The other day I visited Fort Sheridan Cemetery, a local veterans memorial and gravesite in Lake Forest, Illinois. Normally I park there because it is at the trailhead of a local forest preserve, but this time the trails were closed. Strolling instead through the rows of uniform headstones, I came across one particular soldier that stood out above the rest.
Michael Keegan, private in Company L, 7th US Cavalry, Indian Wars. This guy, whose name is way too similar to Michael Keeton, was one of the soldiers who burned the villages and laid waste to the west. That was my visceral reaction in any case. This man was an enemy. I was fascinated and whipped out my phone (2nd brain) to find out more about his service, especially because the 7th cavalry sounded way too familiar. Where had I heard of that unit before?
It was not an exhaustive search. This man was one of the survivors of the Battle of Little Bighorn. He was one of the very few to tell the tale of Custer's Last Stand. It was fascinating to be confronted with one of the most dramatic episodes of Indigenous American history so near my own back yard.
It got me thinking about my own family. My Indigenous ancestors came out North Carolina and into Tennessee and Illinois. Still publicly known as a mixed race person of Indian extraction in the mid 1800s, John Bass signed up in the Army to fight against Ma-Ka-Ta-Me-She-Kia-Kiak (Black Hawk) who had dared to set up a settlement of his people on land already "lawfully" stolen land in Northern Illinois. Not far from my house, John Bass crossed the Des Plaines River with the army and helped the United States defeat Black Hawk. Though Bass's individual actions aren't known through the records, the army he served perpetrated one of the worst massacres in the history of Indigenous-Anglo warfare when the Sac and Fox people were cornered against the Mississippi. Google it. It is heartbreaking.
Another of my ancestors, from my non-indigenous lines, was Colonel William Crawford.He was a personal friend of George Washington and a veteran Indian fighter. He actually came out of retirement during the Revolution in order to campaign against the Wyandots and other Nations in the Ohio Valley, but suffered a spectacular defeat, himself being captured and slowly tortured to death, as depicted in this historic painting. I supposed, as I thought about this, that I would be a hypocrite to shun this man while honoring my own ancestors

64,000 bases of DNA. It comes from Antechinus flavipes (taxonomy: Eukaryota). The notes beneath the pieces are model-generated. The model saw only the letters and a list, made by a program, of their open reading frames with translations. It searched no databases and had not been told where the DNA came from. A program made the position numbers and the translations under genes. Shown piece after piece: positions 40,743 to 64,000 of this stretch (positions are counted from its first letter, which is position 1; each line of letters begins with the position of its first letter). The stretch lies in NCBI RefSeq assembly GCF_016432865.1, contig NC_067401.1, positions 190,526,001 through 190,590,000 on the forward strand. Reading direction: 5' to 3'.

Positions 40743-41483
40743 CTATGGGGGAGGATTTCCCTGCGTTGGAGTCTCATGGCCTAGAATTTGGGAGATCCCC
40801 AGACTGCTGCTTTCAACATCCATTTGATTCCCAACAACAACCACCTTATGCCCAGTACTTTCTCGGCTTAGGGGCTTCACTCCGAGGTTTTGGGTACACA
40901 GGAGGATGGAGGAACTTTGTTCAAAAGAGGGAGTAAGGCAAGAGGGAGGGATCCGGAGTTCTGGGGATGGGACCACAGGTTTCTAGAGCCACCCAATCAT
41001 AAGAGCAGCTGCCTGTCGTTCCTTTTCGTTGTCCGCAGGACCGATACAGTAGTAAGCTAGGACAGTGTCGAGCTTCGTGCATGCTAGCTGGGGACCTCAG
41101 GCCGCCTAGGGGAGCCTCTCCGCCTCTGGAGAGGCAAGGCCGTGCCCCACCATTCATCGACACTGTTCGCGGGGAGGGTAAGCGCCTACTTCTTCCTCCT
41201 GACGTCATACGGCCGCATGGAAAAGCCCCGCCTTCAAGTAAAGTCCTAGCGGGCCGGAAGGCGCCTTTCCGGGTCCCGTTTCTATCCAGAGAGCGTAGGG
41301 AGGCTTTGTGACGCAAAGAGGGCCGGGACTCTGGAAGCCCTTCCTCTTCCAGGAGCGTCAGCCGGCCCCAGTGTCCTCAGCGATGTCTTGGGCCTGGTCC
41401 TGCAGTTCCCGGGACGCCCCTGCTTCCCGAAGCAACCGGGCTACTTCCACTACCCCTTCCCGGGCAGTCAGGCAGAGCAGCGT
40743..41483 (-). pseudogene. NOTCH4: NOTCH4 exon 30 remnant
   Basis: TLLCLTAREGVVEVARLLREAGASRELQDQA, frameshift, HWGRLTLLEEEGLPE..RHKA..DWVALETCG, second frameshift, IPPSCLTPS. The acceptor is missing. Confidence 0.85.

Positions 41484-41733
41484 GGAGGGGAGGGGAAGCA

I identify as an indigenous person. But does that mean I am to ignore those relatives of mine that stood against indigenous people? I think not. Every one of my ancestors came together to make me who I am, and every one deserved to be honored. That said, I am quite sure if you put all my American ancestors in a room together it would have been a bloody brawl.
Coming back to Michael Keegan, the soldier of 7th Cavalry, he, in all likelihood, has his own descendants who honor his memory, as they well should. We all come from somewhere, and here we all are now together. The past is full of wrongdoing, and reading indigenous history in America requires a strong stomach. Colonialism has done its full measure to separate, categorize, patronize, and antagonize indigenous people. And now, while we see a lot of cooperation among American First Nations, such as at Standing Rock, we do not see this cooperation across the board. Whether in North Carolina or in reservations out west, there is often as much political infighting as we see in Congress.
We all know that things have happened, both historically and in recent memory, to cause such rifts in the fabric of Indian Country. But to give in to the desire to hold a grudge, to refuse to cooperate with sister nations, is to give in to Colonialism. It means they have won in further dividing us. No more. But I am encouraged! Because more and more I am seeing the young generations rise up together. Whether on the rez or in the rural communities of North Carolina, a generation is rising that, I believe, will make new beginnings in Indian Country!
In the coming weeks and months, I will be posting on a variety of topics. From history and culture of North Carolina indigenous communities, to issues of identity and colonialism, I hope to be a benefit to the indigenous people of the Roanoke-Chowan region, as well as to our many relatives living across the nation. Your comments are my fuel both to improve and to come up with new topic ideas, so do not hesitate to comment below or leave me messages, I will reply to all.
Kenah maka anah! (Thank you and farewell!)
Lars Adams is a North Carolina Native American descendant, researcher, and author. He is winner of the Smithwick Magazine and Newspaper Article Award, founder of the Chowanoke Descendants Community, and author of Breaking the House of Pamunkey: The Last Powhatan War and the Fall of an American Indian Empire, as well as many other journal and book contributions.